In County Donegal today, there appears little evidence that its cities and towns were once connected by rail lines. However in the early part of the 20th century, County Donegal Railways was the quickest and easiest way for passengers to get around the county. When rail service was provided, what had once taken days to travel by horse and cart took only hours by train.
Travel by rail in Ireland started in 1834 when a line was built between Dublin and the port of Dun Laoghhaire (then known as Kingstown). In no time new rail lines connected cities throughout Ireland. Shortly after the Great Famine, a rail line was planned along the River Finn between Strabane in County Tyrone and Stranorlar in County Donegal. This, the first line in County Donegal, opened in 1863. The Finn Valley Railway made stops at stations in Clady, Castlefin, Liscooly, and Killygordon. The next step was to build a branch from Stranorlar to Donegal Town through the Barnesmore Pass. This was completed in 1882 by the West Donegal Railway, although the company had financial difficulties that required them to stop short of the town by 4 miles. Passengers had to get to Donegal Town by horse-drawn cars at an additional cost of sixpence. The extension to town wasn’t completed until 1889.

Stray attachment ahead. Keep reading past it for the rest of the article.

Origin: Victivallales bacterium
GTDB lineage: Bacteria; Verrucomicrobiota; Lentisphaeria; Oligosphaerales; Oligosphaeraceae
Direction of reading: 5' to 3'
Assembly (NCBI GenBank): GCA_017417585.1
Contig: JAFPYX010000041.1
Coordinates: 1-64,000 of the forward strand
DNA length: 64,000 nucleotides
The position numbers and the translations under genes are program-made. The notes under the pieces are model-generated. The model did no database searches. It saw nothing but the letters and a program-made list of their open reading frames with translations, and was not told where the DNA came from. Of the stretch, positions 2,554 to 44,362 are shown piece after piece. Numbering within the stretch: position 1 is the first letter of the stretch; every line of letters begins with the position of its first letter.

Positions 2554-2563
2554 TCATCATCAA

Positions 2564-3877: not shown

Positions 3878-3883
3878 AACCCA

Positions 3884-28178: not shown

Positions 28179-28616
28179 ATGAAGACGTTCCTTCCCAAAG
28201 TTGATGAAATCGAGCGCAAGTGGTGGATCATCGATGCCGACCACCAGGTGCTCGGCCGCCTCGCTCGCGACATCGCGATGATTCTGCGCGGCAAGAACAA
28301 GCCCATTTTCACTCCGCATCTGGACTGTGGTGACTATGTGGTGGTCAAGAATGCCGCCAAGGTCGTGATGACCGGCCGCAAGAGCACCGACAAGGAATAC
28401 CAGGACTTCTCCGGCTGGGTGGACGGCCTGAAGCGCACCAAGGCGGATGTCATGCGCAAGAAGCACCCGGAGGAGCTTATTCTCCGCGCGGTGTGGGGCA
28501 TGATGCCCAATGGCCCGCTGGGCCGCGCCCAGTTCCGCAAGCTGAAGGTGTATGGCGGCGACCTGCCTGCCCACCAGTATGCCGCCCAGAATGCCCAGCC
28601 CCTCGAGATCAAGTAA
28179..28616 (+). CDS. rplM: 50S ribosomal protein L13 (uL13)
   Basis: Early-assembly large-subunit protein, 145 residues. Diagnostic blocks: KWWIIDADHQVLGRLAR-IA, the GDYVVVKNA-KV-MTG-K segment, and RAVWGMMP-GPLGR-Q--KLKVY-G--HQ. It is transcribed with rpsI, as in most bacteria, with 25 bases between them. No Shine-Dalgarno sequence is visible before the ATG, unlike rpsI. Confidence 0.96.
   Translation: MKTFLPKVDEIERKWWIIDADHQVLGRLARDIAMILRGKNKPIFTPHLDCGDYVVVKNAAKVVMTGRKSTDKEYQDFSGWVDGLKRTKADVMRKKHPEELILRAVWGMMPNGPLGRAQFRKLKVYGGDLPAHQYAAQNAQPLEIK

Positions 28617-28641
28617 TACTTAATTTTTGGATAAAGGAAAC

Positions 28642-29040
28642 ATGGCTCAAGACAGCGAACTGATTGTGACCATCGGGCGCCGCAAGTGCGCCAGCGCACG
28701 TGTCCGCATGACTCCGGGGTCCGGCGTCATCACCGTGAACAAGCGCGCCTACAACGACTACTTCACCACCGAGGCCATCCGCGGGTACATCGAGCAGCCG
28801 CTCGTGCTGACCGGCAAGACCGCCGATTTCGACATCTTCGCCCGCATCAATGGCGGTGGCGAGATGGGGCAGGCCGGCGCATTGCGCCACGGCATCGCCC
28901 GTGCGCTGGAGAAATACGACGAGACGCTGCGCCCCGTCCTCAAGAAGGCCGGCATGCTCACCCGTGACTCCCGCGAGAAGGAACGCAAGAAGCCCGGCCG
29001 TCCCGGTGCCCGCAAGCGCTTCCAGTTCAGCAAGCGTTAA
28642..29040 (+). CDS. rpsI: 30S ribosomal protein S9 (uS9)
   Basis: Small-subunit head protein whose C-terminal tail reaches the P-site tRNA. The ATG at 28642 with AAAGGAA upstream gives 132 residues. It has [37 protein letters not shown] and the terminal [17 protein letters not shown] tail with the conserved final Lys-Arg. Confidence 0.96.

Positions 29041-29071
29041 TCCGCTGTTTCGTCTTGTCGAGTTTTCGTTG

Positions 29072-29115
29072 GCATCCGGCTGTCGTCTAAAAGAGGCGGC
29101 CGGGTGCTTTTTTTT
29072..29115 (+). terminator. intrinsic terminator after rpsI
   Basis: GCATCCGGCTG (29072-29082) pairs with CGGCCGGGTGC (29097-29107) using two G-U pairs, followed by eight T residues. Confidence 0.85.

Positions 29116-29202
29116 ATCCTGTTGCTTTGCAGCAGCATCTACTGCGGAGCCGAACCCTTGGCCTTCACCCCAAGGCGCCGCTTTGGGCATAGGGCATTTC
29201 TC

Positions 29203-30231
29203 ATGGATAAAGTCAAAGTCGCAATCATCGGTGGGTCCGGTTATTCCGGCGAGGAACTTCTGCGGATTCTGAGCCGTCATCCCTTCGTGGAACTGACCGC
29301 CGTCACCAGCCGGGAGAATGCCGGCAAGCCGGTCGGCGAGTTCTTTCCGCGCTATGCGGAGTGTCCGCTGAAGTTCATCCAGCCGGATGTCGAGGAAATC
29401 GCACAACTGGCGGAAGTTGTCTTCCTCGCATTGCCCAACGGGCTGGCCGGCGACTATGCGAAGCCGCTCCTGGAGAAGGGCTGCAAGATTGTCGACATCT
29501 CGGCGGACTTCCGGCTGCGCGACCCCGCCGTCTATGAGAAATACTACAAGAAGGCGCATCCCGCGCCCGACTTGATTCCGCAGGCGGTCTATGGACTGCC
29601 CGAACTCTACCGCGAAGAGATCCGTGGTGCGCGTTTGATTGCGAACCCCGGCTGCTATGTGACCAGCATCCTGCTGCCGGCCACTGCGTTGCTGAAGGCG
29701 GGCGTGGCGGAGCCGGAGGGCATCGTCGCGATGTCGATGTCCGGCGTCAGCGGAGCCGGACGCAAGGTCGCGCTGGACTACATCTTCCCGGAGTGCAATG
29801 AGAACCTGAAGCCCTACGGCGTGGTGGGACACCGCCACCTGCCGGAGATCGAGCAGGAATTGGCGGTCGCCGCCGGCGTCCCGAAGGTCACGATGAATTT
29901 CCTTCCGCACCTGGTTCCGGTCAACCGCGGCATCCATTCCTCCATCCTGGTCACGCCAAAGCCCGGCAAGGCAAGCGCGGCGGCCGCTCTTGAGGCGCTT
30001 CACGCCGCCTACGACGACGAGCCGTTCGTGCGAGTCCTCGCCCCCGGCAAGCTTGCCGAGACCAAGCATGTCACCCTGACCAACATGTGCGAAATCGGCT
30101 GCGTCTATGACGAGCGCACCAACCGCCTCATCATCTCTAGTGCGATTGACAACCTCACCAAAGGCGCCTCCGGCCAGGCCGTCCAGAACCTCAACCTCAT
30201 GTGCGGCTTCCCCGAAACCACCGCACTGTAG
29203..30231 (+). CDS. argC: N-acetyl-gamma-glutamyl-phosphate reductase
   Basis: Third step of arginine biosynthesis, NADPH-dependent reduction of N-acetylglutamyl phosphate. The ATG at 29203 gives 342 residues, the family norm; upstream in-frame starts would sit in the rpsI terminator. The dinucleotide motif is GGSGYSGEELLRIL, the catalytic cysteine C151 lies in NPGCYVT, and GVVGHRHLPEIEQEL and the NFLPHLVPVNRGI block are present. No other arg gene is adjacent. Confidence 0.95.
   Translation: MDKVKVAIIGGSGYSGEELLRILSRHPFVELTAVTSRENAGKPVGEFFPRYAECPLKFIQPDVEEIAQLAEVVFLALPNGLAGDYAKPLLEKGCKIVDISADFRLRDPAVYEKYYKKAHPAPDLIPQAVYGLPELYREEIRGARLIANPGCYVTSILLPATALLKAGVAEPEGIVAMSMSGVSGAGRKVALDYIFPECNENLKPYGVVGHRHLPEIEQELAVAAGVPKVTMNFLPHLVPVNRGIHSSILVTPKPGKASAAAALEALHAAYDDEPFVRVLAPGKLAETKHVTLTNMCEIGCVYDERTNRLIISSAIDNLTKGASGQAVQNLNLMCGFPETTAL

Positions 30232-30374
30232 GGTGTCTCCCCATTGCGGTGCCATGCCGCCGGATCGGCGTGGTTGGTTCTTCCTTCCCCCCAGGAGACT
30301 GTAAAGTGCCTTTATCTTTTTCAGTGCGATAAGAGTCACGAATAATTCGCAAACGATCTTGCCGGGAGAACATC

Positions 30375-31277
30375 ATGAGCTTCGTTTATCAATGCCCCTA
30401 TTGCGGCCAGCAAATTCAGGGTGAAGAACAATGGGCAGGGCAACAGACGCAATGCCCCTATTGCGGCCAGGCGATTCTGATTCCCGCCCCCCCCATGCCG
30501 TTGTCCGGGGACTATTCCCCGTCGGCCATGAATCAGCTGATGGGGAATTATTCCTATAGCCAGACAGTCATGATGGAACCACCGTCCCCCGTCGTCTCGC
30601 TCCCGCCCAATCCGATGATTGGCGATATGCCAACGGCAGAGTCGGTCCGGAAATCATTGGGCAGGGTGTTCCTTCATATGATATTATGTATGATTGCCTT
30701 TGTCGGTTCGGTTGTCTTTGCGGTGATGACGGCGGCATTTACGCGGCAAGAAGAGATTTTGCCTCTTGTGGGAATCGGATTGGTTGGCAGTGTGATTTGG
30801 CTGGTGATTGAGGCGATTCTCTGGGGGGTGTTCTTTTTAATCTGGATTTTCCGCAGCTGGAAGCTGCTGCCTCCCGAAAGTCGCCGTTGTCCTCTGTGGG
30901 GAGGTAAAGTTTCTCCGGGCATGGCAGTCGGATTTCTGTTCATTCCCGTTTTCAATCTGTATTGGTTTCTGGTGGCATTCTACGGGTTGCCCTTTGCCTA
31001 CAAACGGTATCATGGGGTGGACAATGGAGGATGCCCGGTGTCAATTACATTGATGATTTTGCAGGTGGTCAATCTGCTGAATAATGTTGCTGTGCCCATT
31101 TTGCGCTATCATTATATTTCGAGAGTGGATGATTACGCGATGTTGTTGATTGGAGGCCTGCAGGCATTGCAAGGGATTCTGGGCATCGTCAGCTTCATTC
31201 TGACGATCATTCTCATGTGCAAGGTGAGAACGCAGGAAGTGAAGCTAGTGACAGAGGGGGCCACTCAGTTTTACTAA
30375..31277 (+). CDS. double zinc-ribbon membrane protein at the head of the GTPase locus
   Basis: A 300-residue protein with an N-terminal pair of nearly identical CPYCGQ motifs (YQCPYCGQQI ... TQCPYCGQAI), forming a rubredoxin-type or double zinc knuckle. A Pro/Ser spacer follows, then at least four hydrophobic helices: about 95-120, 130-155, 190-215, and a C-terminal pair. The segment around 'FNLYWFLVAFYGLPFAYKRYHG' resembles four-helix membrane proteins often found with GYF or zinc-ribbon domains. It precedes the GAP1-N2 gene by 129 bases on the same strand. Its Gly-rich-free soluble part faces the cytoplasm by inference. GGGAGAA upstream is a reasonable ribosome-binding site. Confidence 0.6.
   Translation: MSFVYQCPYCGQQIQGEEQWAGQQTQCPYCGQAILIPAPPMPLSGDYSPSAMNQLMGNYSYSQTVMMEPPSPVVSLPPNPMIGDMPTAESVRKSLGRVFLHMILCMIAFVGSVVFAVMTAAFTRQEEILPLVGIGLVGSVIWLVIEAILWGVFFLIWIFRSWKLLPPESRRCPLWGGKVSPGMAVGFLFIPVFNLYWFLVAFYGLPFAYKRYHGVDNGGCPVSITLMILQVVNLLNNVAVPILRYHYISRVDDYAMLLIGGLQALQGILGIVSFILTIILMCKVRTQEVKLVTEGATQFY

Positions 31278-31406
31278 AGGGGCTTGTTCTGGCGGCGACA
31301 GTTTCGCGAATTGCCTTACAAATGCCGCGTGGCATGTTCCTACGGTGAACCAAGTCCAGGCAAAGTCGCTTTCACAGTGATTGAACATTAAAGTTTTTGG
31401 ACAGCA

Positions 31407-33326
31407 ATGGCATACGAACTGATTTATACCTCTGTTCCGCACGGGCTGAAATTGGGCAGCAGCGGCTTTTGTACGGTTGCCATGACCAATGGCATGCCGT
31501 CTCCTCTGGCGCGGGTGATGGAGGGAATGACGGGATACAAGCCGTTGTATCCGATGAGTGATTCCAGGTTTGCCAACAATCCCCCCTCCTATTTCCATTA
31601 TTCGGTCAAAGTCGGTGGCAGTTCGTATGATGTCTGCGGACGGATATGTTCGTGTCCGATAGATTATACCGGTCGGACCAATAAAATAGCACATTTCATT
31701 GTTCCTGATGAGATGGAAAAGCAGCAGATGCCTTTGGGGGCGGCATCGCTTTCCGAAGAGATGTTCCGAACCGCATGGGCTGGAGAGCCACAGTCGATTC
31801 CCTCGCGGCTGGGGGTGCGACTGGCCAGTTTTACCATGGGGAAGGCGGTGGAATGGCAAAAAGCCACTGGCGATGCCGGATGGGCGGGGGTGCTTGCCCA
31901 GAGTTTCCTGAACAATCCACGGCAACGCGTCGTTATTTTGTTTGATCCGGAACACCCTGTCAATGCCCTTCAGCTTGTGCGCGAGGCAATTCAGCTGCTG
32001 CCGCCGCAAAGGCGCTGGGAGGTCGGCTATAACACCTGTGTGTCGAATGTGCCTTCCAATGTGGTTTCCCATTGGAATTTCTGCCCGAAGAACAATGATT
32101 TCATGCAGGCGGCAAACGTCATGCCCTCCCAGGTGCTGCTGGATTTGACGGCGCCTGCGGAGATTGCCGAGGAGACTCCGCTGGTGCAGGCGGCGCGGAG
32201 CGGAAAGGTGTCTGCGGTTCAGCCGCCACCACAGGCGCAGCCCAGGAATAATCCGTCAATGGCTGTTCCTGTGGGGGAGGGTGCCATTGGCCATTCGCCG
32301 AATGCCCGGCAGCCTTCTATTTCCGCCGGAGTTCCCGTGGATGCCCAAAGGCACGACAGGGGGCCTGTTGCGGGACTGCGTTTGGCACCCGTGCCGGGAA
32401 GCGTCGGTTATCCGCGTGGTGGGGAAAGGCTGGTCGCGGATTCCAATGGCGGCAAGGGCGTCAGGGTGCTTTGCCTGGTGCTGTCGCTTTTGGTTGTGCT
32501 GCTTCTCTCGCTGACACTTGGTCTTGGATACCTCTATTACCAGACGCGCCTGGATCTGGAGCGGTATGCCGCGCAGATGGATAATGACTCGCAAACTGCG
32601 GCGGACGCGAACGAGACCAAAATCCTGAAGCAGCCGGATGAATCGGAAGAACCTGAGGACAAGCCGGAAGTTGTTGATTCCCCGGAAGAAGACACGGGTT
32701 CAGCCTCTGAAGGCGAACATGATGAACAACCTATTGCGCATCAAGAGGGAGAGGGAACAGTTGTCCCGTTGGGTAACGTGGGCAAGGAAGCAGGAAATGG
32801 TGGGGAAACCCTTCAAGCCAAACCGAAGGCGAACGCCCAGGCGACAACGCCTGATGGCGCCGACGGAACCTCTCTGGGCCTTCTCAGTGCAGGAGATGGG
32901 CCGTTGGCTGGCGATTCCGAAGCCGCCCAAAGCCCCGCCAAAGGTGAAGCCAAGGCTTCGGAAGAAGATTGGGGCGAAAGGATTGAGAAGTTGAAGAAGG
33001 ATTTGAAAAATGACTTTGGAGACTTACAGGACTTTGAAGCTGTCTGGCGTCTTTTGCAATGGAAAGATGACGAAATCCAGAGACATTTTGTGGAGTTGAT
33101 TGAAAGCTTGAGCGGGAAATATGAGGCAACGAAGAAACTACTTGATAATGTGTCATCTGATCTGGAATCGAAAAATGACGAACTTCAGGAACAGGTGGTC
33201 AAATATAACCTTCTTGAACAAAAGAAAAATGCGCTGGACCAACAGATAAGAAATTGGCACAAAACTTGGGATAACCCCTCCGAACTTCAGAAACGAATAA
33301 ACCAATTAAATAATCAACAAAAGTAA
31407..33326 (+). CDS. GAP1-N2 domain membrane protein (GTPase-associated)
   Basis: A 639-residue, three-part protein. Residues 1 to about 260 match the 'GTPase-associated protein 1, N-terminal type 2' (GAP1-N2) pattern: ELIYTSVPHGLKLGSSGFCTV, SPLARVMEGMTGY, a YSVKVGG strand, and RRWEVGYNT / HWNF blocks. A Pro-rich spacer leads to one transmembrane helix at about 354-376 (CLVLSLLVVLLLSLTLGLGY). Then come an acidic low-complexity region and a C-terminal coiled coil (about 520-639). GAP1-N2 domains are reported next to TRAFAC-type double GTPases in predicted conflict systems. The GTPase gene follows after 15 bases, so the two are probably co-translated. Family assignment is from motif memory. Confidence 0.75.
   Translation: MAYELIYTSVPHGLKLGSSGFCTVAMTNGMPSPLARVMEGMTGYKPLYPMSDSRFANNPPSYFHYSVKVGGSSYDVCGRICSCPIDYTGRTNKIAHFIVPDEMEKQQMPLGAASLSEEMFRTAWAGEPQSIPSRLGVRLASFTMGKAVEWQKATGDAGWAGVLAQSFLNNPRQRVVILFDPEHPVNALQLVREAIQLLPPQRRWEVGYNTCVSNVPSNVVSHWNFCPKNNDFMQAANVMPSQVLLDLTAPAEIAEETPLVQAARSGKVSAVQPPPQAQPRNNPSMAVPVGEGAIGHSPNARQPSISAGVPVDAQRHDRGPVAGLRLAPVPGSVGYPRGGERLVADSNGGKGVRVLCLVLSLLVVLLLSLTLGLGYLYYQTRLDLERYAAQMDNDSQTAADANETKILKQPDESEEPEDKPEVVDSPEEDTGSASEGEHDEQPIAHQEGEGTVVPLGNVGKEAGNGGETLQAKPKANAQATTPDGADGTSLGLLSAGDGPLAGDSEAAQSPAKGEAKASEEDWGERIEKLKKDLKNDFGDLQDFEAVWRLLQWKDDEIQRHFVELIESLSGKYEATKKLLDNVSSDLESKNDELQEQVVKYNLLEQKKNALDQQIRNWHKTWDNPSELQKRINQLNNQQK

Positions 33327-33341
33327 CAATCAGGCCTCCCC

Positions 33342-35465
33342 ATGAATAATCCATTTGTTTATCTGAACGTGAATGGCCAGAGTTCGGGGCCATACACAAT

The Finn Valley Railway and West Donegal Railway merged in 1892 to become the County Donegal Railway Company. Rail lines from Donegal Town to Killybegs and Ballyshannon were added in 1893 and 1909 respectively.
Meanwhile, the line from Stranorlar to Glenties was opened in 1893. At that time, to match the rest of the country, the rail system switched from standard to narrow gauge and changes had to be made at railway stations constructed earlier as well as to the original rail line from Strabane to Stranorlar. A branch was constructed from Strabane to Letterkenny in 1909. Another line from Letterkenny was extended to Burtonport, and another was extended from Letterkenny to Carndonagh in Inishowen with a spur off to Derry City.
After years of steam locomotives, County Donegal Railways became pioneers in using diesel-powered locomotives in the 1930s. However, the automobile was providing more and more personal travel during those years, and the days of train travel in Donegal were numbered. The lines of County Donegal Railways started shutting down in 1949. By 1960, all of its lines were closed. The last train from Stranorlar pulled into Strabane in December, 1959.
Donegal Railways Heritage Centre in Donegal Town has artefacts and historical details of rail travel in Ireland. See: www.donegalrailway.com
In Fintown, part of the line that ran past Lough Finn has been restored and used as a rail tour attraction. See: http://www.antraen.com/
Please click on the railmap above to get a larger image of the map. If you click again, it will enlarge further making it easier to read.